The rookie Benjamin, at least, has proven to be coming along faster than expected, regardless of who's throwing him the ball, but he really needs regular-season reps with Newton to establish himself as a true No. 1. Led by Benjamin (and without Newton), the offense was improved Thursday against the Pittsburgh Steelers. Benjamin ended the night with four receptions for 56 yards, including a couple nice long-yardage gains from backup Derek Anderson.
It was reminiscent of Benjamin's Panthers debut, in which he hauled in a 29-yard reception from Anderson while falling down.
Benjamin has shined this preseason even when Newton hasn't, sometimes making Newton look better rather than the other way around. Against the Patriots, Benjamin had five receptions on six targets; of Newton's 88 yards, 47 went to Benjamin.
On Thursday, another bright spot in the passing game included a surprise three-reception, 68-yard performance by undrafted rookie Corey "Philly" Brown out of Ohio State, including a huge 53-yard catch from Joe Webb, that likely secured him a spot on the 53-man roster.
Newton certainly has weapons this season, but his health and his offensive line will largely determine how well he uses them. His ankle was bothering him as recently as Week 3 against New England, with trainers working on his ankle after the game, even before his rib injury was diagnosed, per Dave Richard of CBSSports.com.
The lightness of his step on that ankle combined with missing practice time with his receivers have affected the Panthers' timing and rhythm in the passing game, which has Rivera showing some concern.
"[I'm] just a little disappointed that our timing and rhythm isn't there yet," Rivera said after Friday's game, per Richard. "Hopefully we can get that down. We will work on it most certainly because when he gets his rhythm, you can see that he does some really good things."
But in order to get into a rhythm, Newton has to trust his line to provide protection.
The offensive line underwent an offseason reshuffling, and the results weren't positive after the first two preseason showings.
Center Ryan Kalil is a constant in the middle, but the remaining four positions have been retooled. After starting left tackle Jordan Gross retired, former right tackle Byron Bell, who went undrafted out of New Mexico in 2011, replaced him on Newton's blind side. Nate Chandler moved to right tackle, next to rookie Trai Turner at right guard. Amini Silatolu is at left guard.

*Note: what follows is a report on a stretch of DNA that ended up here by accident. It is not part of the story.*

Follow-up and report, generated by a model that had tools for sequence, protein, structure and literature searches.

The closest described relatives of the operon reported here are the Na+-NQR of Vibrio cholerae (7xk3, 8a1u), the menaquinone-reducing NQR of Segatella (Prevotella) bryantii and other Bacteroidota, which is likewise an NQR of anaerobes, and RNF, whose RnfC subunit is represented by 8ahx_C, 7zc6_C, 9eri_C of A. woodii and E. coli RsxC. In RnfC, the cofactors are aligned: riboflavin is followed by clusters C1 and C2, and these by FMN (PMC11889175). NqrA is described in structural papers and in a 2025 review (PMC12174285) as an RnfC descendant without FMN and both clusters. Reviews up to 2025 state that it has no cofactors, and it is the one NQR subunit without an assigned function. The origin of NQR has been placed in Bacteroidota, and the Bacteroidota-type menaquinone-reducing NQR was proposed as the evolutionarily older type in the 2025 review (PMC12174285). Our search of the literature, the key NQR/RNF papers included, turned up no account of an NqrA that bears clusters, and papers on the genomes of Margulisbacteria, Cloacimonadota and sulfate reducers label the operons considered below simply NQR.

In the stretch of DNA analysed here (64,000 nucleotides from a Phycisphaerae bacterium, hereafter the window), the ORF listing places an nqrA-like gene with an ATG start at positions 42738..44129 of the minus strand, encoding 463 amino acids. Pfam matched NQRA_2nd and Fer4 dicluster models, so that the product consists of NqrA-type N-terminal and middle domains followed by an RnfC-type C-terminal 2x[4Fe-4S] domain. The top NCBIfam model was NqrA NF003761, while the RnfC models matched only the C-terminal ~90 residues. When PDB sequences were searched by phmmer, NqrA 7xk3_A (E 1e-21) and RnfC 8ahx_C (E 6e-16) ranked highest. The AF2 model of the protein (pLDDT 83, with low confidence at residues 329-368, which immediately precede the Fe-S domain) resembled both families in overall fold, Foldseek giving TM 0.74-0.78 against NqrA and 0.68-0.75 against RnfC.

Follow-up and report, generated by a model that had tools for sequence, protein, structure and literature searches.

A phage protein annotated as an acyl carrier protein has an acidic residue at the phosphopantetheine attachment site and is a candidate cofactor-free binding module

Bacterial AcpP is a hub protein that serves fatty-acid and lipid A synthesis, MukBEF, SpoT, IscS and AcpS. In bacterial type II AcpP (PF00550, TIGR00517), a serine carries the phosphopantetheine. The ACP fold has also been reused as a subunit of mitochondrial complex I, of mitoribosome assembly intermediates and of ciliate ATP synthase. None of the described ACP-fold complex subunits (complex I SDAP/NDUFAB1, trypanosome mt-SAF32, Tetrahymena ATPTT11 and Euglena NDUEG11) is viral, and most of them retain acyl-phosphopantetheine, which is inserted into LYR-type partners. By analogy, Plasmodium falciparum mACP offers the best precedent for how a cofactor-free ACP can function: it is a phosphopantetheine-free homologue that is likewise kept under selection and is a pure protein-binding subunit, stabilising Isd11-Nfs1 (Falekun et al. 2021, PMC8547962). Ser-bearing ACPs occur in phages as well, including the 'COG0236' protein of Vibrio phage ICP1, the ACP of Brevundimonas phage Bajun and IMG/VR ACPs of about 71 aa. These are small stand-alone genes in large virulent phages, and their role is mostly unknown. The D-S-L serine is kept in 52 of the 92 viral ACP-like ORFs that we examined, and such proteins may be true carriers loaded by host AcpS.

It's telling that in the fourth game of the preseason, when few starters typically play, Rivera kept his starting offensive line in for multiple series. They need the reps.
Rivera still has three OL starters in the game -- Bell, Chandler and Silatolu.— Joe Person (@josephperson) August 29, 2014
Time will tell—quickly—this season whether the new configuration on the line can keep Newton upright. The bar isn't set very high: Newton has been hit more than any other quarterback over the last three seasons, per Person, with 114 sacks. His sack percentage of 8.79 percent was the fourth-highest in 2013, via TeamRankings.com.
In 2014 preseason action, the line is still struggling. Measured by Pro Football Focus' Pass Blocking Efficiency metric (subscription required), which measures sacks, hits and hurries against the number of snaps a line engages in pass protection, the Panthers have the second-worst offensive line in the league in pass protection, having allowed 37 total pressures on 106 passing plays.
|Team||1. San Diego||2. Carolina||3. Minnesota|
The run blocking has looked better, and it will be important for Carolina to establish a successful ground game with Jonathan Stewart, DeAngelo Williams and Fozzy Whittaker (another pleasant surprise this preseason) in order to give Newton opportunities in the passing game. Newton will continue to make up a significant portion of the rushing offense, even under Shula's more conventional attack.
Most importantly, Newton needs to be smarter about throwing the ball away and learning to slide. If he continues to be reckless, his ankle may become a recurring issue. Injuries have already prevented Newton and his new receivers from shaking off the rust prior to the start of the regular season.
Their development together can't be impeded any further if this unit is going to improve from its No. 26 total-offense mark in 2013.